I asked this question to Google, and they declined to comment other than to say that, "We generally try to steer clear of proactive legal advice."
"Proactive legal advice?" You mean even an educational video series could simply be treated as educating people like they do with their own text pages in the YouTube help section that already talks about this subject?? (I wonder if even YouTube themselves consider video to be more dangerous than text.)
As much as I'm in favor of Google's announcing plans for copyright improvements to YouTube, I do find it problematic they then refuse to even comment to the media on that very same announcement. I'm respectful of the situation, which a company that has a $1 billion lawsuit against them for massive copyright infringement plays it extremely carefully with their choice of words on legal issues to the media. However, Google appears to have a difficult time with distinguishing between actual legal advice, and helping people with access to the legal information they need. (And, is already out there.) I believe that YouTube would be a truly great place to educate people about copyright law, utilizing video. However Google appears to think associating themselves with any educational video series on copyright would create a business risk, that's not worth passing on as a benefit to their audience.
15 YouTube Copyrighting Tips For Content Creators
That's why I decided to be proactive and do my own podcast show YouTube copyrighting tips with web video legal expert and regular guest of ReelSEO, attorney Daliah Saper. If you want to get right to the meat, here's an overview of those tips we get into on the show:
- Understand what a copyright is
- Know your own copyright rights!
- Sell your rights
- Buy rights
- Register your work with the U.S. Copyright office
- Know who owns what
- Don't steal – ask permission
- Don't steal by accident, either!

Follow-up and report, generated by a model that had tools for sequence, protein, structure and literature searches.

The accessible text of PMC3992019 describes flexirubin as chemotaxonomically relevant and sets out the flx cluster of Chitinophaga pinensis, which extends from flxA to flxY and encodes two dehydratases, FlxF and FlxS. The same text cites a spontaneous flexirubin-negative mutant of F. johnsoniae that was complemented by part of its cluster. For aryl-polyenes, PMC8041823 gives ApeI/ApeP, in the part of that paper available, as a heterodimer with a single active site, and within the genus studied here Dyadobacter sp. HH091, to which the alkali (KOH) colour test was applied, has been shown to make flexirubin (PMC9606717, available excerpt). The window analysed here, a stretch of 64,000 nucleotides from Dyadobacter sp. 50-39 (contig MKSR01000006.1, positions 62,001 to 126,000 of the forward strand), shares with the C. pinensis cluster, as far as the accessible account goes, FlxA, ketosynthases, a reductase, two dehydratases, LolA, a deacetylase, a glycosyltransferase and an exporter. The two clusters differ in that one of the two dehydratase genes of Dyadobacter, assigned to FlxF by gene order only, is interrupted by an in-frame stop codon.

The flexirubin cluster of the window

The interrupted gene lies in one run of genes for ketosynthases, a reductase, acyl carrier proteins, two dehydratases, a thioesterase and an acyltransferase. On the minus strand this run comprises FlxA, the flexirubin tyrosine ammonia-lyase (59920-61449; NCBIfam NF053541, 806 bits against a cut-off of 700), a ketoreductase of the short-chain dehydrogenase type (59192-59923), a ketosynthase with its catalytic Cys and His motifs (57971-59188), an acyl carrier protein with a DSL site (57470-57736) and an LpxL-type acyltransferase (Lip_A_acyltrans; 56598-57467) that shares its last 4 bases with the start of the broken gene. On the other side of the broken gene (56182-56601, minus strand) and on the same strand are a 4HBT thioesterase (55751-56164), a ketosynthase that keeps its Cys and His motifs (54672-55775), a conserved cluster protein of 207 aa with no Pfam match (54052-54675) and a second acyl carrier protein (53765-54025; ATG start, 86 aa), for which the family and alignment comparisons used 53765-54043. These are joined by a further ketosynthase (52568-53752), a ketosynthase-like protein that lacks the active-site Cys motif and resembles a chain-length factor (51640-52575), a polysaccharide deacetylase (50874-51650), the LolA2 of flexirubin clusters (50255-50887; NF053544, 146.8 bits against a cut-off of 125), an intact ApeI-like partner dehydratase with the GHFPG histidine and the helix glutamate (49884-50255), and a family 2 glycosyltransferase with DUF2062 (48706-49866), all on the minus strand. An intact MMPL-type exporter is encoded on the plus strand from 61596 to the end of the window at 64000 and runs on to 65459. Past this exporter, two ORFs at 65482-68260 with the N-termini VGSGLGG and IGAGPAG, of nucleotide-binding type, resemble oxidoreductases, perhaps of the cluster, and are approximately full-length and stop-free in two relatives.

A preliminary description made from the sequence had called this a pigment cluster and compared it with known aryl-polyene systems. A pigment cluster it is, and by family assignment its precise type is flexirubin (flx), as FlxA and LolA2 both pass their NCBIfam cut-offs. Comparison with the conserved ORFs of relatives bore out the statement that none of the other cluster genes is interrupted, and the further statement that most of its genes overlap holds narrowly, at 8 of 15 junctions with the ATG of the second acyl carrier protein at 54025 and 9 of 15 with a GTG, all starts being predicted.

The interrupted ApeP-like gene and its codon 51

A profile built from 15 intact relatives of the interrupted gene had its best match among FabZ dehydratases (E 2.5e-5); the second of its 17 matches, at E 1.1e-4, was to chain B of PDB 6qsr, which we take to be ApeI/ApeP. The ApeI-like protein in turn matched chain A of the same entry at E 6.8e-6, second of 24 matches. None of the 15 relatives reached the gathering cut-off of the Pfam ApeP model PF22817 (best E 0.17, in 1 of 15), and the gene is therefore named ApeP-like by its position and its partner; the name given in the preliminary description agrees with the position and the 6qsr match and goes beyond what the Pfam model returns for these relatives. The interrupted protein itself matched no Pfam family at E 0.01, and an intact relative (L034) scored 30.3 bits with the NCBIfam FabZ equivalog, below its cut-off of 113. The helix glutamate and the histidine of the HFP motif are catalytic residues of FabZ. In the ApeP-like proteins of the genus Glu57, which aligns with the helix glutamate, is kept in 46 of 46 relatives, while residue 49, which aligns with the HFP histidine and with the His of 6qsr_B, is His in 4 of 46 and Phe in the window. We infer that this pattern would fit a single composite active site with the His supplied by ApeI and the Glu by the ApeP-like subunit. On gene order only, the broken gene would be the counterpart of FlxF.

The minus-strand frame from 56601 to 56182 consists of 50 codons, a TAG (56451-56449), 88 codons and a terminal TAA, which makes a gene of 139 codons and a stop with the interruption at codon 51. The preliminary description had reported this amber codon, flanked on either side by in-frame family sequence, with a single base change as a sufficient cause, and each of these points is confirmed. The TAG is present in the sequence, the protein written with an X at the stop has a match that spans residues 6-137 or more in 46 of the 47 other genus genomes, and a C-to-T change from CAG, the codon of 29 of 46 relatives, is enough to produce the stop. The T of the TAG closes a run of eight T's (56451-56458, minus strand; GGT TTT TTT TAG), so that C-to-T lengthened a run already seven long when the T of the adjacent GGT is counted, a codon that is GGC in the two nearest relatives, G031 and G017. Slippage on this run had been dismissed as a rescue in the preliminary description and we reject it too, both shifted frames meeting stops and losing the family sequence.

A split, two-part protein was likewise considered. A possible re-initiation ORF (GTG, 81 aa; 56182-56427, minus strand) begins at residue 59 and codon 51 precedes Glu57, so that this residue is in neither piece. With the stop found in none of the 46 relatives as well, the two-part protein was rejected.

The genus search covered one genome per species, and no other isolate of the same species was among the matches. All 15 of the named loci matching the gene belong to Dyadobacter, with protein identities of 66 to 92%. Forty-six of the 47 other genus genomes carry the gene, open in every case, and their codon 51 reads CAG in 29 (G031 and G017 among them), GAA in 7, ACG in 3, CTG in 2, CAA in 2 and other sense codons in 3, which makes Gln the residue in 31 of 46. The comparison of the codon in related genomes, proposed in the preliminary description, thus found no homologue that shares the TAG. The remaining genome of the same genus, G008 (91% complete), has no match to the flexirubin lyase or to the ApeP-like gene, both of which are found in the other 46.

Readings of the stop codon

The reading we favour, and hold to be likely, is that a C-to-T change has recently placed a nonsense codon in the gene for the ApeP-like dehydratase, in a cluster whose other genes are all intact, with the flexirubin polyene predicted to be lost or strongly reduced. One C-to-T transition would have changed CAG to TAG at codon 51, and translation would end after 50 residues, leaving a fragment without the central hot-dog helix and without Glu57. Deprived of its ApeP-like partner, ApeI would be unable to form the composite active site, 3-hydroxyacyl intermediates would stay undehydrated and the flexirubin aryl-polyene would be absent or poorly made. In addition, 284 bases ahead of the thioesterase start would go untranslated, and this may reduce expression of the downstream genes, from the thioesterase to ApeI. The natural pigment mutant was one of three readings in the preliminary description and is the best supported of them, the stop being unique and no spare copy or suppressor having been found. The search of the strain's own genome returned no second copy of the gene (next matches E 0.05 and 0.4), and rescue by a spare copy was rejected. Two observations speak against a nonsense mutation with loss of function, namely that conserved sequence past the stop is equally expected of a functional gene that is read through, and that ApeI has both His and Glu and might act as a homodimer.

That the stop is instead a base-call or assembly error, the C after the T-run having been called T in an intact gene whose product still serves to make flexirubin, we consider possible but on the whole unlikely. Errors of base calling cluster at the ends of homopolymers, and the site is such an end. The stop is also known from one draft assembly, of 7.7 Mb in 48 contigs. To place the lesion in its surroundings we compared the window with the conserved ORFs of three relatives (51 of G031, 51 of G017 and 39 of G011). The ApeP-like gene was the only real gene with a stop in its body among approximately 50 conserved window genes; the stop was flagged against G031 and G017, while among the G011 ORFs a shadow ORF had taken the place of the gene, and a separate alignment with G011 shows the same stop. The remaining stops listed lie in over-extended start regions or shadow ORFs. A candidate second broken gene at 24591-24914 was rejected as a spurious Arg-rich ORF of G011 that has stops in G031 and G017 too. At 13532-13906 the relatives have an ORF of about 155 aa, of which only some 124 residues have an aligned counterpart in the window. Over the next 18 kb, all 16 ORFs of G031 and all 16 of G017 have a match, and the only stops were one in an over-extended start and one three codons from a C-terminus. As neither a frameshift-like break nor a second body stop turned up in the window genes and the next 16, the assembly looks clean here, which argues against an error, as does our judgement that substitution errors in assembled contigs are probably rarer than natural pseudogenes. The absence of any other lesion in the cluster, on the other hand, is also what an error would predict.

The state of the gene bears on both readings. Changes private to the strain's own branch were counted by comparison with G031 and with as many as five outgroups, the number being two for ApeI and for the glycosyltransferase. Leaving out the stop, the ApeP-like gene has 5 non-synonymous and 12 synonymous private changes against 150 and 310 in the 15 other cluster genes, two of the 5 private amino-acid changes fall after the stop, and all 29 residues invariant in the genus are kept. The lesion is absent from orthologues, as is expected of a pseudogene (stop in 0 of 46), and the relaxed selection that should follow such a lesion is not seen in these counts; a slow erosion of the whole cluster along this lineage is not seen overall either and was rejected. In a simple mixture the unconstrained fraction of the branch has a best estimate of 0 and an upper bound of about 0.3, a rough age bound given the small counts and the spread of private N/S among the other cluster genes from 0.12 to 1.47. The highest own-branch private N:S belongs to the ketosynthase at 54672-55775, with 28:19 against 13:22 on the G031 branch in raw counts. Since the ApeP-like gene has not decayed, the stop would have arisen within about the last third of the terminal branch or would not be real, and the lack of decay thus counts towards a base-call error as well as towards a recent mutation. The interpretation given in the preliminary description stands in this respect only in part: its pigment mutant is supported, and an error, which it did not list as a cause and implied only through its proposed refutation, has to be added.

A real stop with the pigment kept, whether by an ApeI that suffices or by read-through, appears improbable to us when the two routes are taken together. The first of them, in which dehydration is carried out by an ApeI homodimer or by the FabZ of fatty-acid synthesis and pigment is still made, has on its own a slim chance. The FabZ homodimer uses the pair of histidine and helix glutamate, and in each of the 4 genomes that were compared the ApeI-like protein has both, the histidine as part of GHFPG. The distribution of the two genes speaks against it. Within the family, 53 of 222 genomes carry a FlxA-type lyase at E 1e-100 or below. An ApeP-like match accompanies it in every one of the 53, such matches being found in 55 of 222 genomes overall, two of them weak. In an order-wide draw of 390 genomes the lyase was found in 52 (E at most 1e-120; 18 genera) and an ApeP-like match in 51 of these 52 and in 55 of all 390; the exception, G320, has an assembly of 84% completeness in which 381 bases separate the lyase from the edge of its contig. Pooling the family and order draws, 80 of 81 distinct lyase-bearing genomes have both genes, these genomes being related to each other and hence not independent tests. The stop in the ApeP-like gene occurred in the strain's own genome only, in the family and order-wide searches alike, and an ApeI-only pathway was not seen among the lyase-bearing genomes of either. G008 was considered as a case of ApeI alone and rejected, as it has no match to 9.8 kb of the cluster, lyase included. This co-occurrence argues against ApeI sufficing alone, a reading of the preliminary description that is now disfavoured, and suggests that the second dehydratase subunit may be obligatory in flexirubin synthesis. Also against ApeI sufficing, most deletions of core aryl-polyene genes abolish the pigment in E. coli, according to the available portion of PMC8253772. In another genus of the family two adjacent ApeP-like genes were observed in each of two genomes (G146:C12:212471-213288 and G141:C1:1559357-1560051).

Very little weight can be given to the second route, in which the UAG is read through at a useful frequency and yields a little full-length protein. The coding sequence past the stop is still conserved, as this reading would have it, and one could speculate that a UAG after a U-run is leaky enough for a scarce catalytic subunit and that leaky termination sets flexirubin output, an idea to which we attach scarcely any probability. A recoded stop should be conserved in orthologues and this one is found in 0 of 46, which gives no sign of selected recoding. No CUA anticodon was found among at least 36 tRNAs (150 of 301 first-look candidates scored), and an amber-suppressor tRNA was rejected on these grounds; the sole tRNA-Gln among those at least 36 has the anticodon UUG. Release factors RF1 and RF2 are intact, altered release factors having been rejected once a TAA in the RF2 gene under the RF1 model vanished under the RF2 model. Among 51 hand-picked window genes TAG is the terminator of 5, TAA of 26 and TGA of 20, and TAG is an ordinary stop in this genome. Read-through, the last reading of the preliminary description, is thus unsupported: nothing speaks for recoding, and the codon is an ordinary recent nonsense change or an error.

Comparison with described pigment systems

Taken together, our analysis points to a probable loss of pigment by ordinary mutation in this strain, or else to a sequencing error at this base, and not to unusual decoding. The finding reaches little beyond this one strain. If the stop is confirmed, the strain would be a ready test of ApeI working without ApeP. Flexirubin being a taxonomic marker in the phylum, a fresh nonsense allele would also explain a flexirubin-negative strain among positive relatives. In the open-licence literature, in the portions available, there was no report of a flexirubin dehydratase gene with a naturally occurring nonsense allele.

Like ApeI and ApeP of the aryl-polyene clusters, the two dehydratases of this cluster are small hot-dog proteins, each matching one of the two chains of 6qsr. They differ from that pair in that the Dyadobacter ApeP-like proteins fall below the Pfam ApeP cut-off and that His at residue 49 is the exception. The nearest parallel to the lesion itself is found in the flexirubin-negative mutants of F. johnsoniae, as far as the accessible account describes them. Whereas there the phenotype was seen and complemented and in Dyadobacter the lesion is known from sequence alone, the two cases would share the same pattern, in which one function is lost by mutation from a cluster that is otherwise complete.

- Know the consequences (damages
- Understand what's "Fair Use"
- Know YouTube's take down process
- Make friends with an attorney
Disclaimer: the following information should NOT be treated as legal advice. We recommend you to contact an attorney for such!
About Our Legal Experts
David Michail serves as the chief strategist and managing principal of metlawgroup, a premier AV®-Rated Media, Entertainment and Technology transactional law practice in Los Angeles, California. He is frequently retained as "consulting counsel" by several Entertainment law firms in Los Angeles, and represents both emerging market and Fortune 1000 clients in various IT and entertainment related projects. His practice niche includes a unique combination of New Media, Advertising and Marketing Law, Entertainment, Technology and Internet, Corporate, M&A and Business transactions.
Daliah Saper is the principal attorney for Saper Law Offices in Chicago, specializing in intellectual property law, media and entertainment law, litigation, and business affairs. She is recognized as a leading Media and Entertainment lawyer by Chambers and Partners, is on the faculty of the Practicing Law Institute, and has been selected by Harvard Law School's Berkman Center for Internet & Society to be a member of Harvard's new Online Media Legal Network (OMLN). Daliah is also an adjunct professor at Loyola University Chicago School of Law, teaching a Sports and Entertainment law course.